Typically, most Americans consume 17 g of fiber per day, and they are reluctant to increase their fiber intake in spite of the positive health benefits because of the known bloating and gastrointestinal discomfort associated with increased fiber ingestion.
The extent of discomfort has been determined to depend on the type of fiber, suggesting the need to strike a balance between digestibility and fiber functionality.
Functionality is dependent on the bulk of a fiber. In turn, fibers with low digestibility possess better functionality. In contrast, broken down fiber supplements are not functional and produce sugars that are fermented by the intestinal flora to cause acid production, gas and bloating.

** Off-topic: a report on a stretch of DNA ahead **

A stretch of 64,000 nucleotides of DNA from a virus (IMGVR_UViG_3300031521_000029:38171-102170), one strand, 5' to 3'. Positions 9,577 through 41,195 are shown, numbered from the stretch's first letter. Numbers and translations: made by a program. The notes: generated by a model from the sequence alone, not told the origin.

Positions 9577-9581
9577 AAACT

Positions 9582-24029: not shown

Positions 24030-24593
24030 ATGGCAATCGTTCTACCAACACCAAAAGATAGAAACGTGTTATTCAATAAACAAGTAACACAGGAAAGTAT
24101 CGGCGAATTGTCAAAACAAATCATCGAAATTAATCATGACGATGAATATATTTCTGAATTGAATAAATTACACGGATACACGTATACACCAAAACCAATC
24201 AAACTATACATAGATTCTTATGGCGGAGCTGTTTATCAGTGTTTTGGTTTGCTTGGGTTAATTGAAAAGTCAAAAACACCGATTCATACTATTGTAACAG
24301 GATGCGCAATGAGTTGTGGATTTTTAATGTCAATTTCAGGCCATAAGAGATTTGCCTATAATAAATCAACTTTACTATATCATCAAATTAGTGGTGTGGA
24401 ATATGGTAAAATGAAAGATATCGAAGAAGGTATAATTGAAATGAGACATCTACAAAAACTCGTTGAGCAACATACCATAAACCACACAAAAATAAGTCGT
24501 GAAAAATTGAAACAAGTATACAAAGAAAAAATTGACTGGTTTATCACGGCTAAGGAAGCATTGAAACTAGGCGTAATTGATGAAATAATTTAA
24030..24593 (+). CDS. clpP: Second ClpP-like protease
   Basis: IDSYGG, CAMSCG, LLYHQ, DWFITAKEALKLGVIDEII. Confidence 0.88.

Sabinsa Corporation supplies Fenufibers®, a fiber product obtained from fenugreek (Trigonella foenum graecum) that contains a minimum of 50% fiber.
A study1 performed at the University of Georgia evaluated the ability of the human colonic bacterium Bacteroides ovatus V975 to ferment Fenufibers® (fenugreek fiber), Metamucil® (psyllium husk), and Wheat Chex (wheat bran). As shown in Figure 1, there was little change in in vitro dry matter disapperance (IVDMD), a measure of fiber digestibility, after 24 or 48 hours for Fenufibers®, Metamucil®, and Wheat Chex.
The lack of extensive fermentation by B. ovatus V975 indicates that Fenufibers® is a minimally digested fiber-rich supplement that can be incorporated into soups and other food preparations, providing the beneficial effects of fiber.
- Al-Khaldi, S.F., Martin, S.A., and Prakash, L. (1999) Fermentation of fenugreek fiber, psyllium husk, and wheat bran by Bacteroides ovatus V975. Current Microbiology, 39, 231-232.